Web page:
The Trans-Eurasian Steppe Belt
The Steppe Belt is a zone of rolling grassland, steppe being the Russian word for this kind of treeless, grassy plain. It extends from eastern Mongolia west all the way into Romania and Hungary. In prehistoric times, the steppe was inhabited for tens of thousands ofyears by groups of hunter-gatherers who lived off the abundant big game that the grasslands supported. Gradually, hunting gave way to a lifestyle of living off managed herds, which in turn led gradually to the domestication of cattle, horses, sheep, and goats. Hunters had become herdsmen, and pastoral nomadism developed into a highly specialized and sophisticated lifestyle that took maximum advantage of steppe resources.
As with any short-grass prairie, some of the Eurasian steppe can beturned to agricultural use with the application of modern methods, including the steel plow and extensive irrigation. The wheatlands of southern Russia and Ukraine are steppe lands put to the plow. Prior to the invention of such techniques, the steppe extended for thousands of miles in an unbroken belt, only partly interrupted by mountain ranges and forest.
With the mobility afforded by the invention of horse- and ox-drawnwheeled vehicles, and later still by horseback riding, the steppe belt became a vast highway that facilitated the spread of populations, languages, and cultural traits across much of Eurasia long before the caravan trade routes of the more southerly Silk Road were ever imagined. Over the centuries, many groups of horse-riding warriors, including Huns, Turks, and Mongols, conquered their way across Asia, creating sometimes extensive but usually short-lived empires.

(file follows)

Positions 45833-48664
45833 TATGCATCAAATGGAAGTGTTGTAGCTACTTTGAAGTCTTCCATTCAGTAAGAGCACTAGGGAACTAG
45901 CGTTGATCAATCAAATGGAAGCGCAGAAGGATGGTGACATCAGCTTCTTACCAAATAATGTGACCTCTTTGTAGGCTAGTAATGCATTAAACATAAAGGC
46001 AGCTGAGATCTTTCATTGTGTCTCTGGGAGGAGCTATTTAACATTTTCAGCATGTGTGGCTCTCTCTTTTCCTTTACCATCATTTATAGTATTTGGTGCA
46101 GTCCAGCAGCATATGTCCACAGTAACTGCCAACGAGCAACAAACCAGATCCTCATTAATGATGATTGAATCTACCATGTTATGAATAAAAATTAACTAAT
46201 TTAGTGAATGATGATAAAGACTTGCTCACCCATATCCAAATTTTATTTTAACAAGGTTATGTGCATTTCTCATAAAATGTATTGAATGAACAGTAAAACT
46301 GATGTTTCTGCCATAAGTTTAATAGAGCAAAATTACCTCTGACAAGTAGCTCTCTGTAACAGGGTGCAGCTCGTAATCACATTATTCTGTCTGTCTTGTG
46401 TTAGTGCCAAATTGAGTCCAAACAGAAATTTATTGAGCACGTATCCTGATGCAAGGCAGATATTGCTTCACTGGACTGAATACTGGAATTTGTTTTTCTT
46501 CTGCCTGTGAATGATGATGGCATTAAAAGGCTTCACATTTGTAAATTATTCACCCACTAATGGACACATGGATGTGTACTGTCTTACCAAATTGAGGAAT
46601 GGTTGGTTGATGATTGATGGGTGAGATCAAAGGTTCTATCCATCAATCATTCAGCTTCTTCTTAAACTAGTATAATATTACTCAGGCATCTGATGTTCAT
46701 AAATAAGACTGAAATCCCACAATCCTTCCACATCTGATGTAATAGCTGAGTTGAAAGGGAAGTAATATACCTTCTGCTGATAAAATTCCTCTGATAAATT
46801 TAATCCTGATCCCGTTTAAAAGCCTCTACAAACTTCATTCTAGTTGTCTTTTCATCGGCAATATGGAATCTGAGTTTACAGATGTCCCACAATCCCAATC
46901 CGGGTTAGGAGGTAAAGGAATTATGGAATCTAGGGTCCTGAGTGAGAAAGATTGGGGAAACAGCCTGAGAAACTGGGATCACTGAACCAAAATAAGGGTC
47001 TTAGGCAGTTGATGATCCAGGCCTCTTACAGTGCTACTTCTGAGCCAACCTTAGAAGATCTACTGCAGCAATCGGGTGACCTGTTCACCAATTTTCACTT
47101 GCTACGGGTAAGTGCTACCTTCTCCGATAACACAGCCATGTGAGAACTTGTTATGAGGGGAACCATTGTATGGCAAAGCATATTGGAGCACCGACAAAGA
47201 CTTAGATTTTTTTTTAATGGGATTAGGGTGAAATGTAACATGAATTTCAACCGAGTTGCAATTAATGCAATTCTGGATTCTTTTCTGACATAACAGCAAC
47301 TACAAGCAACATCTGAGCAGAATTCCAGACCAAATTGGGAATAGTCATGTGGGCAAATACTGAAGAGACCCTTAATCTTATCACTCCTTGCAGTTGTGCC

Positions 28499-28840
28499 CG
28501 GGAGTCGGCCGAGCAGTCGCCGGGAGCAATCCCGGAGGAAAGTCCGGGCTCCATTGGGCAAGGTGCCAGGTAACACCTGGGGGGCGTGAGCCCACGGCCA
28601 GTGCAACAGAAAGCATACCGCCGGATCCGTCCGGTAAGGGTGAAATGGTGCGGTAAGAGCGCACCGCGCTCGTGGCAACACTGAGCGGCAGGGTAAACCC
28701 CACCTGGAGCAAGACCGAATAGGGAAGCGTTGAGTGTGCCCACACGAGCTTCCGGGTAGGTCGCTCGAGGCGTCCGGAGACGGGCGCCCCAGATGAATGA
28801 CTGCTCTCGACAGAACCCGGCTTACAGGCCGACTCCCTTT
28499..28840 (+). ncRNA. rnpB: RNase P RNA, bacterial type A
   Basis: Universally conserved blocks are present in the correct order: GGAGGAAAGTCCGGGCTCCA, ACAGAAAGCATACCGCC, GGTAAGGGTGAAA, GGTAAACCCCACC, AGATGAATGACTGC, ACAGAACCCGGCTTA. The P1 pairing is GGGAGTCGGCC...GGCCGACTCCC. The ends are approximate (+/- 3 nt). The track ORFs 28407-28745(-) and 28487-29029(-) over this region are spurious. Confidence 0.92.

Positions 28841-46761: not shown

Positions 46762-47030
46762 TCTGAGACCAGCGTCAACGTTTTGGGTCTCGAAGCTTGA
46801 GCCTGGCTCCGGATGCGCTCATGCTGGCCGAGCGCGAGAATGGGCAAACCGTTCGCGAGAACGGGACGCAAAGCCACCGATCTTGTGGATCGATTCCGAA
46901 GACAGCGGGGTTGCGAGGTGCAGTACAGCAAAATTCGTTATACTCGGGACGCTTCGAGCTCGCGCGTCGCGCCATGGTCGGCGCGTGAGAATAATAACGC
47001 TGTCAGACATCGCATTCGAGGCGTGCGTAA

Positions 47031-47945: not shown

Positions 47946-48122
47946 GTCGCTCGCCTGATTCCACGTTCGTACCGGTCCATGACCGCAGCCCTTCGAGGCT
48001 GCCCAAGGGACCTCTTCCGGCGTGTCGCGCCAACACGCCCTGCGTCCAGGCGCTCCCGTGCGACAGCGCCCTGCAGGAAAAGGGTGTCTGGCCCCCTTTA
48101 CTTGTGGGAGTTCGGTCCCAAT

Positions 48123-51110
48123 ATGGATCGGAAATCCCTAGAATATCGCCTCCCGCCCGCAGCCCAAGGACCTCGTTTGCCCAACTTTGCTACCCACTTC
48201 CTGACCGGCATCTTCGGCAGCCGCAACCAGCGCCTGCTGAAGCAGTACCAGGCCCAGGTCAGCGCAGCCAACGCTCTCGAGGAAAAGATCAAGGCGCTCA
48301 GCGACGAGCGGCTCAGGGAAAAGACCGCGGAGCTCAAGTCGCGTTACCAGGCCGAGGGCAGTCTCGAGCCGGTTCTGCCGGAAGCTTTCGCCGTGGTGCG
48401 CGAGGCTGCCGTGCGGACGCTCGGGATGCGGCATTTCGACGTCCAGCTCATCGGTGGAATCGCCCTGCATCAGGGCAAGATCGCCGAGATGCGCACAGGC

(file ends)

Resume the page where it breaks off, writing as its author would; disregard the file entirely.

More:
China can be divided basically into North China and South China, along a line roughly de.ned by the Han and Huai Rivers. North China is characterized by a relatively dry climate, where crops, especially grains such as wheat and millet, grow in the fertile soil of broad plains and terraced valleys. Geographically, North China is dominated by heavily eroded hills and valleys of loess soil in the northwest, and by the vast north-central flood plains of the Yellow River. The Yellow River has overflowed its banks many times throughout history, causing great damage to human settlements but also enriching the soil with a fresh layer of fertile silt. The northern frontier, site of the Great Wall of China, was long guarded against nomadic raiders, and people looked to the Silk Road and sea routes of the northeast for trade. Transportation in North China was land based, using pack animals and drawn carts. South China has a monsoonal climate. Its soils, leached by the heavy seasonal rains, require heavy fertilization, and the staple crop is rice. Transportation was often provided by riverboat or canal barge.
The strong geographical and agricultural differences between North China and South China tended to make the country fracture into northern and southern political entities during the periods of disunion.
Some trade routes in China historically fed into the Silk Road or distributed goods from it. Other trade routes competed with the Silk Road, including maritime trade from southeastern ports across the South China Sea, and a route from the mountainous southwest down the Red River to Hanoi and Haiphong in what is now Vietnam. In China, people were likely to look variously inland, toward Central Asia, or seaward for trade.